I love this shot of Rose McGowen- it’s so simple and beautiful and you would never see something like that for a celebrity portrait today. Also, that photo of Guinevere Van Seenus, who’s my favorite model, to be honest..)- it’s so stunning for a beauty shot, because again, it’s that different perspective but still has something so ‘wow!’ about it. However “pretty” these images are, there was still the rise of “ugly”. Strange looking models were sought after, like Kristen McMenamy (Lily- taking it to the next level this year though), and the stranger they looked in photographs- the better.
1996, 1997, 1998, 1999 are my favorite years for Prada. It’s so unlike what we know it as today, which is actually the same thing I’ll say about the girl of 1998- Gisele Bundchen. We all know her now as one of the most famous Victoria’s Secret models, but she’s one of my favorite late 90s/early 00′s models (second to Guinevere, of course). The way her features and good looks were played up in the VS way are so vastly different from even the ‘glamorous’ look she was given for Versace’s Fall Winter 98′ show. Okay, now back to Prada. In terms of how we see Prada now, it’s as much of a shock as seeing Louis Vuitton in a minimalist, undone, and ‘out there’ way. Prada’s 98′ campaign with Angela Lindvall goes down in my books as one of the best; they’re images that I will always be inspired by- not because they’re particularly ground breaking on a new level, but ground breaking in the sense that all it needed were photos of her hunching over in a satin red bra and underwear or looking like an almost purge is about to happen. Miuccia wasn’t afraid to go there, and I like it.
1999 was not only the last year of the decade (duh), but it was the most influential year of the late 90s, in my opinion. It was split in terms of direction; one side was still on the break down of what fashion “is”, like the editorial ‘Give Me Space’ by Nick Night and showing that beauty lies in simplicity and the images evoke something great inside us. On the other hand, fashion was pushing limits in a way never seen before with Alexander McQueen and Givenchy’s Fall Winter 99′ cyborg-esque collection. The 90s really represent a time of revolution as well, not in the way that the 60′s and 70′s did, but with a more underground approach through fashion- it was about rebellion of what society wanted them to create and a serious 180 from the 80s.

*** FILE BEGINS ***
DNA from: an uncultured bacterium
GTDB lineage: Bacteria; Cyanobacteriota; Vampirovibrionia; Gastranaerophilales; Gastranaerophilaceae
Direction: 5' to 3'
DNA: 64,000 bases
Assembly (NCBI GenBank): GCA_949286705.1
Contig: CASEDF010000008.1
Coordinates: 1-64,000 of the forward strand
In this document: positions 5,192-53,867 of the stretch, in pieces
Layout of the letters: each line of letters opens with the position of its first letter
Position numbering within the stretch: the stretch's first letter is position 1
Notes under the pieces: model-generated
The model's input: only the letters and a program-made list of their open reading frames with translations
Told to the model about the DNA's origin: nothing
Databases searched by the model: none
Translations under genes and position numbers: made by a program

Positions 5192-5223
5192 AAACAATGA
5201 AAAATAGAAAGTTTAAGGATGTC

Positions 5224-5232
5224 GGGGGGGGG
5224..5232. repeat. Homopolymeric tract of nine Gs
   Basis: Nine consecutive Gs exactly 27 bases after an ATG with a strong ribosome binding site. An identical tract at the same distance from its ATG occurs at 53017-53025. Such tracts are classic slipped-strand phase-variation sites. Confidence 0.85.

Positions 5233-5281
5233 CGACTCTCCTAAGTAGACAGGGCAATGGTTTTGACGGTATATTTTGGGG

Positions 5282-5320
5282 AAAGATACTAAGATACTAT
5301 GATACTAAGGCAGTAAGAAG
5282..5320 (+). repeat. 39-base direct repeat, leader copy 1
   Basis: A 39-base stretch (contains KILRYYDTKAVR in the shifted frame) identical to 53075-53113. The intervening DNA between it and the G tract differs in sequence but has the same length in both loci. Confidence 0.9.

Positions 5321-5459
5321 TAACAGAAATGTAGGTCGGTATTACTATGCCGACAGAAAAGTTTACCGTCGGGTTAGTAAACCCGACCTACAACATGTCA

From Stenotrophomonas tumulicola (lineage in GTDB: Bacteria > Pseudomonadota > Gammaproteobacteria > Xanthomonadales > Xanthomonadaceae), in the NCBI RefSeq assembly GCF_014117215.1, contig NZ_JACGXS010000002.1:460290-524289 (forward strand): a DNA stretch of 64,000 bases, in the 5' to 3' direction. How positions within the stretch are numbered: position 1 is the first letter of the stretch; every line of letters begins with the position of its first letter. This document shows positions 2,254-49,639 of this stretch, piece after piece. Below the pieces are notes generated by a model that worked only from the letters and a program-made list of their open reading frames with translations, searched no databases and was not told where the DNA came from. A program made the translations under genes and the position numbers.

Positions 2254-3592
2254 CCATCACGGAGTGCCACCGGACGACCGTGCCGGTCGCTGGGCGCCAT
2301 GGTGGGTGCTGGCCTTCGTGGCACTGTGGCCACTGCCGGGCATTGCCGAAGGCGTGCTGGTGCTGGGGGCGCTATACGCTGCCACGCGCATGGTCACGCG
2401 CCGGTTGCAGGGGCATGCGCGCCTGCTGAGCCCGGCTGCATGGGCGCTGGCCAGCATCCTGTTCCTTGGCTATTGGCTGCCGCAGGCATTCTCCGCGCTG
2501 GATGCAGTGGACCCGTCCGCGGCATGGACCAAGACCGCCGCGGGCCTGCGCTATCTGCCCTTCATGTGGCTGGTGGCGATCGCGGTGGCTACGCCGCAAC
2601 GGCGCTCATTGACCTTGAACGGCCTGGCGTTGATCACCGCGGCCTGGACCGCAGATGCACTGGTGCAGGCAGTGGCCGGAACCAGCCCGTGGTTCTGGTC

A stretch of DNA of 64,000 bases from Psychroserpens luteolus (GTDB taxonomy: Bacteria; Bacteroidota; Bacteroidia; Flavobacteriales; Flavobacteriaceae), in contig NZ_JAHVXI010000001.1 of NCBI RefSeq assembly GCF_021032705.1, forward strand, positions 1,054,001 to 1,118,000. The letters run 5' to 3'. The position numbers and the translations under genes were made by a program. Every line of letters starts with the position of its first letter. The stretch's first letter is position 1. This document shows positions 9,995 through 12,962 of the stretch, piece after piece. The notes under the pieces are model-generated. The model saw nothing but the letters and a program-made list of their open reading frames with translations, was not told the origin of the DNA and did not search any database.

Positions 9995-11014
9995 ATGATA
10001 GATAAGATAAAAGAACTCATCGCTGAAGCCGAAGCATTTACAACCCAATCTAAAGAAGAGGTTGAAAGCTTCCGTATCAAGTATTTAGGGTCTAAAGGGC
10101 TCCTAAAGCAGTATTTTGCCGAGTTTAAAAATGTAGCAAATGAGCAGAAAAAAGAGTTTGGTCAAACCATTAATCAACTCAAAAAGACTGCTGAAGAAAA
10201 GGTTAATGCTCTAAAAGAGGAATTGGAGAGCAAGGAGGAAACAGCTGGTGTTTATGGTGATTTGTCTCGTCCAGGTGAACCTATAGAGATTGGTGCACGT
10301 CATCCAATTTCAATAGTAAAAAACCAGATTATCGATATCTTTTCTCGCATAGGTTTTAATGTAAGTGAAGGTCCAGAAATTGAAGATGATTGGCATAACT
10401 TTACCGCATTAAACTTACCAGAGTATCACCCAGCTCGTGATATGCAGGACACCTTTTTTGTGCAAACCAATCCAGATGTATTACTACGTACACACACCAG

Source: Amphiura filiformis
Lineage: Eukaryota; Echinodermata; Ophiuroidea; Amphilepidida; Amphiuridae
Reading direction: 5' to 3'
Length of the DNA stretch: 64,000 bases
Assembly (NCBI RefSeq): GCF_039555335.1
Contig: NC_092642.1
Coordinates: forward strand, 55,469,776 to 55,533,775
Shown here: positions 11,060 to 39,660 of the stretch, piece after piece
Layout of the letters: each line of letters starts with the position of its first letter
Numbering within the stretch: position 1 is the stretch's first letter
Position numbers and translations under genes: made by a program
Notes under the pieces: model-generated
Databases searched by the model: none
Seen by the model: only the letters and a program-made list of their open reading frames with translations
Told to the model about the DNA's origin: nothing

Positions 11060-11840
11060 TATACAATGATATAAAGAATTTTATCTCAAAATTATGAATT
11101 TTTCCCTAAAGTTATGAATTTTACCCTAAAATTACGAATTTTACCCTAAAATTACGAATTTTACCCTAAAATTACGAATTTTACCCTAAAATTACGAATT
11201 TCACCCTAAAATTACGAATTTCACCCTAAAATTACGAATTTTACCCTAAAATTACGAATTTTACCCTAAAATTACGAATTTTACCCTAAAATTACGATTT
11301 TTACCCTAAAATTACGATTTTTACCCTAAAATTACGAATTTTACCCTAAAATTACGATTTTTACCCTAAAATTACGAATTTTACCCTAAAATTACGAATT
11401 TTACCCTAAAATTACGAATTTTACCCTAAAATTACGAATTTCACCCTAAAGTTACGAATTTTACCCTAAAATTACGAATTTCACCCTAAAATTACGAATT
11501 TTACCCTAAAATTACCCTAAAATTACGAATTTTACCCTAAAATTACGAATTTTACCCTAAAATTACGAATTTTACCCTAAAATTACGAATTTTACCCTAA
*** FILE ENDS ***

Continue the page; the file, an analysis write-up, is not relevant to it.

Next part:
Y2K- the year the world was supposed to end from mass computer failure. Also, an introduction to high contrast in editorials started to present itself. Continuing with the break down of beauty, as I’m now calling it, photographers were beginning to shoot “models off duty” and casting photos, which nowadays, is a pretty prevalent part of the fashion industry/tumblr (you know what I mean).
‘Concept’ was/is everything, but the way it was presented in the early 2000′s was with a little more importance than it appeared in the early 90s. Fashion was moving back toward the idea of fantasy rather than reality, but still managing to maintain the underground allure the earlier years presented.
The first image, of Natalia Vodianova for W Magazine, is so impressionable, in my opinion. I’m never one to go for the “girly”, but this image actually stuns me. I can’t really describe it, but somehow it perfectly embodies this year. Imagery was more ‘clear’, I guess, in these years, but that one somehow really retains what I loved about the early 90s. Also, she was a shining star in the early 00′s.
The idea of rebelling and making a point was still there, but more of “this is a scrapbook page from my diary” type of way, if that makes sense at all. Like the image above of Helmut Lang in L’uomo, I love how stripped down it is, yet it says so much without being forceful. Collections were still going in the same two directions- less is more or bedazzle that shit.
In 2004, things started to really move into a different direction. While fashion obviously grows and evolves, for over a decade, there was a mindset and a different view of beauty, but towards the end of 2004/ beginning of 2005, it was moving swiftly into a new era-
People are always inspired by the past- it’s how we build upon and take things one step further in the future- but, there’s something so significant to me about the stripped down, rawness of the fashion industry in this time period. Forever inspiring.